Improve Your Smile

Remove Yellow Stains With Teeth Whitening

A patient reading this headline might expect that their teeth will be like Cesar Flickerman’s in the Hunger Games: absolutely dazzling.

Of course, the truth is that some stains are just too stubborn, and while whitening will certainly help, it may not remove them completely. You could fix this headline by once again stating the possibility clearly without overstating anything. For example:

Teeth Whitening May Reduce the Appearance of Stains

Dental Implants Will Restore Your Smile

This one is VERY close to being acceptable; the issue is the certainty in this statement. Not everyone is a candidate for dental implants. To avoid giving patients unrealistic expectations, you just water down the certainty a little bit.

Dental Implants May Restore Your Smile

Desperate to Get Drilled? Let Our Dentist Fill You

This headline is a bad idea from a-z. First of all, the not-so-subtle sexual reference is more likely to scare patients away than it is to bring them in. It also makes your dentist seem predatory rather than a trustworthy doctor. Finally, this copy doesn’t communicate anything useful. It implies your practice offers fillings, but that’s pretty typical of most general dentists. This example is really just the best/worst possible example of demeaning the practice of dentistry.

Instead of this, try delivering your message in a straightforward and professional manner. For example:

Offering a Full Range of General Dental Services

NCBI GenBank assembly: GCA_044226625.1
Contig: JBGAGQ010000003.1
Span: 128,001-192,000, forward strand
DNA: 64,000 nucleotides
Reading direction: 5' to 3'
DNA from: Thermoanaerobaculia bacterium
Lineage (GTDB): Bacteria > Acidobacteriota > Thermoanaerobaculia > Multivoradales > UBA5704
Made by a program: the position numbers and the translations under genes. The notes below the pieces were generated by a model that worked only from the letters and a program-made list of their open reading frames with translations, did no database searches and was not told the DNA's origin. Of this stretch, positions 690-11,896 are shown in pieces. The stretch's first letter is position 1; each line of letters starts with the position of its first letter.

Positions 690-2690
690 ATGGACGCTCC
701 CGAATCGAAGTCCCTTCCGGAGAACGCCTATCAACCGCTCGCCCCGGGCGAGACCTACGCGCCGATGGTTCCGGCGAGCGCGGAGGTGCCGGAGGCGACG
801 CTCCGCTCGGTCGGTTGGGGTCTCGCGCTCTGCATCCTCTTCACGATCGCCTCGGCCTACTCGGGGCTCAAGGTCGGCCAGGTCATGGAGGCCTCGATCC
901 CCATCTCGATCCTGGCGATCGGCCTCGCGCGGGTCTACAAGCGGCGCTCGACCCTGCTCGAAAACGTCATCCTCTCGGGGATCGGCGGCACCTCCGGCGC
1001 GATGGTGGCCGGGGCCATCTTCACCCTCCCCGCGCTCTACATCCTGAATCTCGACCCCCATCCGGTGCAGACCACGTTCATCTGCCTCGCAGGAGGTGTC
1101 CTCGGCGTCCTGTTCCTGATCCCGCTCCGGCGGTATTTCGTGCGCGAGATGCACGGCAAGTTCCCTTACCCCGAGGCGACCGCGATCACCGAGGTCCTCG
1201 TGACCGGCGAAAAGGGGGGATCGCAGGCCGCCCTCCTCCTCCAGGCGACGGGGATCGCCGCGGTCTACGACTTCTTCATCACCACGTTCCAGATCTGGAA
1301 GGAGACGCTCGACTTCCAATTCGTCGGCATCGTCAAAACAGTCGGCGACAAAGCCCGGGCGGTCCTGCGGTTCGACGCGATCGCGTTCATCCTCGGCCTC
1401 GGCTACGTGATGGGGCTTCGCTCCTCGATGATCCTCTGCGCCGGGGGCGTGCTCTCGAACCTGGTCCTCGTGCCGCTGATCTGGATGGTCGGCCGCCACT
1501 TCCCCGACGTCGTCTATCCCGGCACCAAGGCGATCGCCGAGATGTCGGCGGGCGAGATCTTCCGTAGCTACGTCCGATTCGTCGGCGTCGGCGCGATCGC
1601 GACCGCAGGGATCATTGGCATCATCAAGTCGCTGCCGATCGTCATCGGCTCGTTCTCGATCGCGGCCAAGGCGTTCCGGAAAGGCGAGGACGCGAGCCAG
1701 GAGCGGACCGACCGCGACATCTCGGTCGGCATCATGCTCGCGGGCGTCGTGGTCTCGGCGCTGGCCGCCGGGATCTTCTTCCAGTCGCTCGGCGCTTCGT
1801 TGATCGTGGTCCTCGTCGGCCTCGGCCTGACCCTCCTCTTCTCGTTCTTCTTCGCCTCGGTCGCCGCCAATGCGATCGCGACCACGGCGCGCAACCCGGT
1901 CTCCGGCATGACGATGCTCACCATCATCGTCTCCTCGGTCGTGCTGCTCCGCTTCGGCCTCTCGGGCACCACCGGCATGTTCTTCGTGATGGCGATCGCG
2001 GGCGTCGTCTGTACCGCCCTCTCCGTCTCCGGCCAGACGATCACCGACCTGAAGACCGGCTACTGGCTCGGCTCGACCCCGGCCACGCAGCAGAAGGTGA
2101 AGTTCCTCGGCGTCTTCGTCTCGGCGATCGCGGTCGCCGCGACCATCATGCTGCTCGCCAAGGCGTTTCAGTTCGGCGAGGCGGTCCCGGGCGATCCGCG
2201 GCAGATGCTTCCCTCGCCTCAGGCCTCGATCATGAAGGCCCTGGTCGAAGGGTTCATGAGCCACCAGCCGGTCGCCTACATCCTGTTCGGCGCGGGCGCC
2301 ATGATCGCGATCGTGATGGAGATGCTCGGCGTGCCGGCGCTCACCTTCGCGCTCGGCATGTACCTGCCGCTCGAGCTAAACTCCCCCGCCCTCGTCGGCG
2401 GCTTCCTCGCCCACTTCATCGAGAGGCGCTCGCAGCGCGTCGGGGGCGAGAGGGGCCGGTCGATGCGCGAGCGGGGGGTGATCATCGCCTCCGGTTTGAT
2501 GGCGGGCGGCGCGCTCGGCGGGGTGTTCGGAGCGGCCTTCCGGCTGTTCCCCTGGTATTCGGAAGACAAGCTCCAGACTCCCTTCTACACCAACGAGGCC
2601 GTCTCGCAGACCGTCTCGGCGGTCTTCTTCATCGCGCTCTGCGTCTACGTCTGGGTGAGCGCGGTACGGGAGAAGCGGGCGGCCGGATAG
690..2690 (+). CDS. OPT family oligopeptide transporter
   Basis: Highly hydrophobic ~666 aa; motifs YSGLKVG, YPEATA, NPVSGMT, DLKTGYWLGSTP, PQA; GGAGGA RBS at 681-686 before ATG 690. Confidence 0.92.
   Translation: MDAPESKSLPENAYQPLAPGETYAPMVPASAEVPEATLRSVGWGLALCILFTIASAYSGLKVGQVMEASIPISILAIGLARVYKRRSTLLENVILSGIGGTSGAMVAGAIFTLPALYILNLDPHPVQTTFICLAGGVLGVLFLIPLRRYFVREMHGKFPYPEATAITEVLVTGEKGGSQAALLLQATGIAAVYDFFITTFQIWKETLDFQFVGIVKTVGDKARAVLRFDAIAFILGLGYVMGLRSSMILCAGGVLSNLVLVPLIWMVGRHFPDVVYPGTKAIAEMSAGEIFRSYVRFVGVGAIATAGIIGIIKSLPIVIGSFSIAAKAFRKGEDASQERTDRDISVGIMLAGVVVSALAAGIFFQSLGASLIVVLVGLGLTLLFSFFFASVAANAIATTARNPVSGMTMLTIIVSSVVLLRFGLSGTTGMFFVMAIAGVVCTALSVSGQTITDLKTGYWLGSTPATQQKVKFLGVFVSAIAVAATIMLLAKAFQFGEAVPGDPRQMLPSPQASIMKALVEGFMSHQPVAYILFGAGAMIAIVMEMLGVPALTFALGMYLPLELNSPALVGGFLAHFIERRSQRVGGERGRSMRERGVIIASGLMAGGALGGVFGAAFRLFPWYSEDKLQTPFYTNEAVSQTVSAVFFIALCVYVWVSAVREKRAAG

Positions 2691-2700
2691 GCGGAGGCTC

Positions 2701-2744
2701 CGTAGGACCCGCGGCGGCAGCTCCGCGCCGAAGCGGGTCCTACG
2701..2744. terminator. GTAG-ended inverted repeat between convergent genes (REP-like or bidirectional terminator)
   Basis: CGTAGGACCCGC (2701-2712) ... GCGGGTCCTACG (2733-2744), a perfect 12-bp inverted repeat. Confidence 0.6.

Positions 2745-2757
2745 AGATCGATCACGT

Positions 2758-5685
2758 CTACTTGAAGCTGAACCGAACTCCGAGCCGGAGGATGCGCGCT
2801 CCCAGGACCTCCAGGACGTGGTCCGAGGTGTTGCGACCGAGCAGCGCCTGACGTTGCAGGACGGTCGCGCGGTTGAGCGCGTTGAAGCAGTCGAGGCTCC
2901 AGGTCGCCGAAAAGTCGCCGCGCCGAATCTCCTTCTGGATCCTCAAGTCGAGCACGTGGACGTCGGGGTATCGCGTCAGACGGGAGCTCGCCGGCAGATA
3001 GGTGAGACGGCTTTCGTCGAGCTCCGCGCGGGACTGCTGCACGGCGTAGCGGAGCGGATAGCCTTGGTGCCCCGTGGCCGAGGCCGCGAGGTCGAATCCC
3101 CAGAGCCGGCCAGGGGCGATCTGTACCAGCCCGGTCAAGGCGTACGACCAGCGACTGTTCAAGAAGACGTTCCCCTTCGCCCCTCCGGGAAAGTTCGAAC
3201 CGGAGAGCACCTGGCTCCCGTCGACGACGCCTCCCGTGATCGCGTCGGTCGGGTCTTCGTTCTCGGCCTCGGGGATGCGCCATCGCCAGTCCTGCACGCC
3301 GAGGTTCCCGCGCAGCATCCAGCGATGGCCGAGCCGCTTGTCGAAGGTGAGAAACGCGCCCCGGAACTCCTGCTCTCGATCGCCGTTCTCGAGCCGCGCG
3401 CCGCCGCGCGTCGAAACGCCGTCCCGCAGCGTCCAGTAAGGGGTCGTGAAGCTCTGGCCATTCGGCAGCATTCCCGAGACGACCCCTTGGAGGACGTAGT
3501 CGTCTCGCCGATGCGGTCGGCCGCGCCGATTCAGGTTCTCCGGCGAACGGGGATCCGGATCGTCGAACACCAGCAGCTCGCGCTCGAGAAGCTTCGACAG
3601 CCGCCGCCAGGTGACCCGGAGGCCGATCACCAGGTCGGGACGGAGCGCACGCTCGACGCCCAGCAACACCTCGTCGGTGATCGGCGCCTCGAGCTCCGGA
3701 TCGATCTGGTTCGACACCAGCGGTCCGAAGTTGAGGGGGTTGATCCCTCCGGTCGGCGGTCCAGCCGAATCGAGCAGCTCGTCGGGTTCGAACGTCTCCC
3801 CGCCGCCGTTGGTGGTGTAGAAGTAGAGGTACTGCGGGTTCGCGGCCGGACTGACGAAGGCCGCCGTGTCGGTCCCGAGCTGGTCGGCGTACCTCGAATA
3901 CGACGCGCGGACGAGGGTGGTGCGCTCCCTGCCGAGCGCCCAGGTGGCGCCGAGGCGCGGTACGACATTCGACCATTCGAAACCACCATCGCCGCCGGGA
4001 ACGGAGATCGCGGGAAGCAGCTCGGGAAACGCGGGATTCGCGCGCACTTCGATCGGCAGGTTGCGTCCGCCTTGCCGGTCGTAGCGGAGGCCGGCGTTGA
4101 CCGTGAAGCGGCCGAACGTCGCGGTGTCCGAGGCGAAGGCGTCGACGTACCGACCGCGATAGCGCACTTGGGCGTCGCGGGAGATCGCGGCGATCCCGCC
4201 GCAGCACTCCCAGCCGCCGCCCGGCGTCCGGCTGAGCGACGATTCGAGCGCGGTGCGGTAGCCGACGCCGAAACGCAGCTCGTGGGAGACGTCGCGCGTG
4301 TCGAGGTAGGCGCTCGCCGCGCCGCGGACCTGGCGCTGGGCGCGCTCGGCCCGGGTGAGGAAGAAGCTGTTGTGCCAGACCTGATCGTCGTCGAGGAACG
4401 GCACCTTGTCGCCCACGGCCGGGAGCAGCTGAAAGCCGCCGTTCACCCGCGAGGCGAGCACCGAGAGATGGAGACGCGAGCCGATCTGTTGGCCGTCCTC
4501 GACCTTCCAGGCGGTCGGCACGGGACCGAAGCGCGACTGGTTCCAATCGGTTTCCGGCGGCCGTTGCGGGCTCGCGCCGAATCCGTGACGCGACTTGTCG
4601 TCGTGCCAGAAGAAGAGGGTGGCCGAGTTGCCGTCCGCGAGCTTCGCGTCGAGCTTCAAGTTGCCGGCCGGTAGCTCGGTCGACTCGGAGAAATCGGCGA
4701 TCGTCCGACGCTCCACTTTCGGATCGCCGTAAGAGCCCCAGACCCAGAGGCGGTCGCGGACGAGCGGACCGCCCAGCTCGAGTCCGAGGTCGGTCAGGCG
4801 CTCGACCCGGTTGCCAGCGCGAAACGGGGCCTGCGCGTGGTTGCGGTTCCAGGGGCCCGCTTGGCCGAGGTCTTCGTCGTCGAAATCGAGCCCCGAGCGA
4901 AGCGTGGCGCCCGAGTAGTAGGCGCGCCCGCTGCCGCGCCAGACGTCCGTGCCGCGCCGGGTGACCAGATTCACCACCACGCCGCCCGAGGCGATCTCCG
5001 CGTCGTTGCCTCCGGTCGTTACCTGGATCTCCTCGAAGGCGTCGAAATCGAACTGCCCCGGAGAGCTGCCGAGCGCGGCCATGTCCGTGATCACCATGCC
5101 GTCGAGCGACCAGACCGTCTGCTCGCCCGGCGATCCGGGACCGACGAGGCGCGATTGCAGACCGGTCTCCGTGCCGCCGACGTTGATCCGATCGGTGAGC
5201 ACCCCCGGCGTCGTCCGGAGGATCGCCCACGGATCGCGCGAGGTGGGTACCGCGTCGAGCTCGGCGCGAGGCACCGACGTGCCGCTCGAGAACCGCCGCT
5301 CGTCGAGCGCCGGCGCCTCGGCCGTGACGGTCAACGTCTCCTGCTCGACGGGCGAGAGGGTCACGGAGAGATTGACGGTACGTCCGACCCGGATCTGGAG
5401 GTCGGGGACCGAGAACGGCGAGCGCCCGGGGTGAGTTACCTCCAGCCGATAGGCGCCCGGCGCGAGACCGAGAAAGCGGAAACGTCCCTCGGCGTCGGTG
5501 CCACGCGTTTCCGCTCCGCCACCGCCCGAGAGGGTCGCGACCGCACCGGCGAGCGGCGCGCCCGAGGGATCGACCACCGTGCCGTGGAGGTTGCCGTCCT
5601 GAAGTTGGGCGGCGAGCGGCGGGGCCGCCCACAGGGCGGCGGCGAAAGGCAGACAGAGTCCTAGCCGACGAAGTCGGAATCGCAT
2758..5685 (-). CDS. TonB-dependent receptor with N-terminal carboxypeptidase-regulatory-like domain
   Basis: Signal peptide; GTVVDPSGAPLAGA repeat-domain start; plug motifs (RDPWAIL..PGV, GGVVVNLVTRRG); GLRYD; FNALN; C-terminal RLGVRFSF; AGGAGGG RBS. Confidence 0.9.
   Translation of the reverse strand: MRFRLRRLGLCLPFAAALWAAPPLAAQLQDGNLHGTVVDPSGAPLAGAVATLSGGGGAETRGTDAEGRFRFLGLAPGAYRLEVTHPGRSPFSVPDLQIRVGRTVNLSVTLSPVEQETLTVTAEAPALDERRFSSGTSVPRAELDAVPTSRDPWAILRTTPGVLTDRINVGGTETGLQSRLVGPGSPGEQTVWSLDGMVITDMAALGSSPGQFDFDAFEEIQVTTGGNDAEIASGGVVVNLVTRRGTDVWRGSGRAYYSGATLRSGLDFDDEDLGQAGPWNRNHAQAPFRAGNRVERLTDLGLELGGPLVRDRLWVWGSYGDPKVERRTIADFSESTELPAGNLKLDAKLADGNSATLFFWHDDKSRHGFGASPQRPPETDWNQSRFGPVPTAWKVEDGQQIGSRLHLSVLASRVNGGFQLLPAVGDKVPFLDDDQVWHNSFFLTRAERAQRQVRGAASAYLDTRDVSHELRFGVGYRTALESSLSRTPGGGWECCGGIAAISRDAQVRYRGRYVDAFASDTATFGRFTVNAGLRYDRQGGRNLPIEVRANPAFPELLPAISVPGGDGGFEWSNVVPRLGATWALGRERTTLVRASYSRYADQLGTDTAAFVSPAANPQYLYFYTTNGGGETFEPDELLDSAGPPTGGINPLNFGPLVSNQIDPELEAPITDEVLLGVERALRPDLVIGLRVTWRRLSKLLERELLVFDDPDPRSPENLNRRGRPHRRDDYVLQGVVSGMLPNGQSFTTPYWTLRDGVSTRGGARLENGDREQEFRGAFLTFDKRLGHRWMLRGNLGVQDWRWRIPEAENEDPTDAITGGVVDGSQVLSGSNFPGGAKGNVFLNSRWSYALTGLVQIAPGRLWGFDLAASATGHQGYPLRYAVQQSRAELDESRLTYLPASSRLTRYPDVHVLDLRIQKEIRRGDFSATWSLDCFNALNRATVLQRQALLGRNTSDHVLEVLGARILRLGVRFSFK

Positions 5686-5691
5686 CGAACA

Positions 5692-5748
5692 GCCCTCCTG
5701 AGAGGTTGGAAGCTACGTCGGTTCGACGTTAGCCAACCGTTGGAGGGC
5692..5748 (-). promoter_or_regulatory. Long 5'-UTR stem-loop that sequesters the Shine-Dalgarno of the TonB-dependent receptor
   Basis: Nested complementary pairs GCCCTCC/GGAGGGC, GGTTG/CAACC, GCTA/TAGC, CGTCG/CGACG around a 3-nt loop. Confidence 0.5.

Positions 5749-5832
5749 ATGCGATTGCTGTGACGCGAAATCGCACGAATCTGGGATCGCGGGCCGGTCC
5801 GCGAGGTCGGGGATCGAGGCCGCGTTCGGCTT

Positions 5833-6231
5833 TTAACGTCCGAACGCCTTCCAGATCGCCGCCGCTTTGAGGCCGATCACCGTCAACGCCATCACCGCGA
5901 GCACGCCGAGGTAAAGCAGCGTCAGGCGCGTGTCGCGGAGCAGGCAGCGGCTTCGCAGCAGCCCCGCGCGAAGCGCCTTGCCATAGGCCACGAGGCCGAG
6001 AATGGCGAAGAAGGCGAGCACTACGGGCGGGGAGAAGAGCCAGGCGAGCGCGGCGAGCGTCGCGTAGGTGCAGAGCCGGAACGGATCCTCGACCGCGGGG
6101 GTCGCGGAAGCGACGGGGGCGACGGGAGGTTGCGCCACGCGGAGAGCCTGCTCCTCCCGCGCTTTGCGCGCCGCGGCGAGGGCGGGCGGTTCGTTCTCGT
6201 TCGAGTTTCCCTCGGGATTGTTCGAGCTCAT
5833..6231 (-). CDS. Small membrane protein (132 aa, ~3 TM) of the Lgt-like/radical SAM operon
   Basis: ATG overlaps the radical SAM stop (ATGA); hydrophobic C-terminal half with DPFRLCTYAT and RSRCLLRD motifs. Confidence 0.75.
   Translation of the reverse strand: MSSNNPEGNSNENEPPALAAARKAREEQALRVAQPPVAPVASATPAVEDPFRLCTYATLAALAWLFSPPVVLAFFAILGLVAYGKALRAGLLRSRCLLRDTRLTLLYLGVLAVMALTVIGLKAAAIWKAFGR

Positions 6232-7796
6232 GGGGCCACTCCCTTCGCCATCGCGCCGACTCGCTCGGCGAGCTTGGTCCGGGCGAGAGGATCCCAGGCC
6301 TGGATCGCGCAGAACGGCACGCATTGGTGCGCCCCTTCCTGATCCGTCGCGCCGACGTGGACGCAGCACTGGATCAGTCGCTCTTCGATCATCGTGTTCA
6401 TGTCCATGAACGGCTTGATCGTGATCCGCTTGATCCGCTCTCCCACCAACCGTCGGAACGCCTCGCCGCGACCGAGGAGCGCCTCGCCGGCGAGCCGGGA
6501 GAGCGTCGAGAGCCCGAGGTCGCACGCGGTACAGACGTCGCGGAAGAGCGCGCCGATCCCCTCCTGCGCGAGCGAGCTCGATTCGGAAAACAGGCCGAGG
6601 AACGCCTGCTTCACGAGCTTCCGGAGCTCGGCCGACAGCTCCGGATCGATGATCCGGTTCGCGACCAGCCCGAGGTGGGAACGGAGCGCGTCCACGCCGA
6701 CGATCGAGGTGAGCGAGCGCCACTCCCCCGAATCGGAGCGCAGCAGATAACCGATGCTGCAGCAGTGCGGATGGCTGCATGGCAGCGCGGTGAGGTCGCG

Why Does Compliance Matter?

Obviously, if you choose to ignore the rules and standards set by your local dental association, you run the risk of being fined, or possibly suspended. But the reality is that, unless the governing body in your area stumbles upon your website or ad, you’ll never be held accountable for any infractions. So why bother trying to follow all these rules?

The biggest reason boils down to credibility. Dentists are doctors, and consumers expect them to act that way. People are very cautious about their health, and rightly so. That’s why, when the time comes, your patients don’t want to be sold to, they want to be cared for. These guidelines help resist the temptation of using sparkly and buzzworthy marketing terms, and just providing honest answers about the options available to your patients.

Today, credibility is the biggest asset your marketing plan can feature. Google rewards credibility, and of course, patients value a credible dentist. By following these rules, you’re positioning yourself as an upstanding and patient-minded professional who cares more about healthy smiles than dollar signs.

Written by Kaia Carter

Kaia is our in-house content writer and resident word-nerd. Having started her career in radio broadcasting, Kaia has a special gift for captivating readers and finding an offbeat angle to catch any casual web user’s attention. As an activist and avid learner, she invests a lot of her time looking for ways to make web copy more effective and accessible to readers of all abilities and backgrounds.

When she’s not in the office, Kaia moonlights as a party princess and a professional wrestler. Yes, we’re totally serious. Kaia is a born performer and never fails to take our annual corporate karaoke tournament far too seriously.